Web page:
tax collector checking his phone

Florida tax collector set up blockchain firm with public money: report

A former tax collector in Florida is suspected of using $65,000 worth of public funds to allegedly set up his own blockchain company. The tax collector was under investigation for abuse of power when his exploits were uncovered.

Joel Greenberg founded his company Government Blockchain Systems in 2019, according to a report by local outlet Orlando Sentinel. At the time, he claimed that the company was owned by the Tax Collector’s office. It would be used to create a blockchain database which would store the resident’s information in a secure way. It would then sell the technology to other counties in the state, generating income for his county, the report stated.

Months after he founded the company, Greenberg allegedly requested for $40,860 from the tax collector’s office to purchase 20 servers. The office reportedly cut a check to his company, which Greenberg claimed he used to buy 15 servers. Greenberg then issued a cashier’s check for $25,000 to his personal bank account, according to the report.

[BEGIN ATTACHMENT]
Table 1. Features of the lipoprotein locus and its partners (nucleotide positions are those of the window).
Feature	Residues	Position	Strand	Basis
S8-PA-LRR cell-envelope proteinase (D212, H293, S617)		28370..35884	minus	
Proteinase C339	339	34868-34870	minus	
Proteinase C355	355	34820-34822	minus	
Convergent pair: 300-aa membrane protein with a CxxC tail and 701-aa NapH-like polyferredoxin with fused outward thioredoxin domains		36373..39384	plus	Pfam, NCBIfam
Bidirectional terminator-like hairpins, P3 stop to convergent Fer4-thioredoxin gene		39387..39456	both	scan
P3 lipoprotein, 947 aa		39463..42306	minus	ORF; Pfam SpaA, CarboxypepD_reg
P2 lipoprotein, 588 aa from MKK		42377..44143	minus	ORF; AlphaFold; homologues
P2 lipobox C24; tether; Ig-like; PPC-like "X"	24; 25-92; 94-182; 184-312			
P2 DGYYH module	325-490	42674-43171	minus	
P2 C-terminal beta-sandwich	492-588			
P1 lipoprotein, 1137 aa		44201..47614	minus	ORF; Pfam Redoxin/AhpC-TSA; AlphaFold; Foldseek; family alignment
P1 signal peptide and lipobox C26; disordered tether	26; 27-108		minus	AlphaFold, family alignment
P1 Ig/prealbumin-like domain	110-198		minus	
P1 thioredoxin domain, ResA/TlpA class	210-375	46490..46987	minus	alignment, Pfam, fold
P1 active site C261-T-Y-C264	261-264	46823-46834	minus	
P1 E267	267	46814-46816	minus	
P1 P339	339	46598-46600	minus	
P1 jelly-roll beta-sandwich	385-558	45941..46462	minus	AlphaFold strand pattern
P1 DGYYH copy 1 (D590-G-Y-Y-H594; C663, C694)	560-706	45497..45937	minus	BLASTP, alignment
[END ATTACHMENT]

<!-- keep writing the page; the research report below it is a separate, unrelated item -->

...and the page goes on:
The former Seminole County tax collector reportedly dissolved his company in May 2020, and returned the money he had used to the tax collector’s office through a series of checks.

Ben Wilcox, an executive at nonprofit watchgroup Integrity Florida, was quoted by the news outlet saying, “I would characterize it as a violation of the public trust. It seems he was mixing personal business with public business. He’s using public taxpayer dollars to fund his personal business.”

Greenberg’s ties with blockchain and digital currencies extends beyond his company, according to the report. In 2019, the 35-year-old reportedly used more than $200,000 worth of digital currencies to fund his re-election campaign.

The politician is currently under investigation on charges including stalking a political rival, abuse of power and the creation of fake driver’s licenses. Greenberg faces over 10 years in prison if convicted of the charges.

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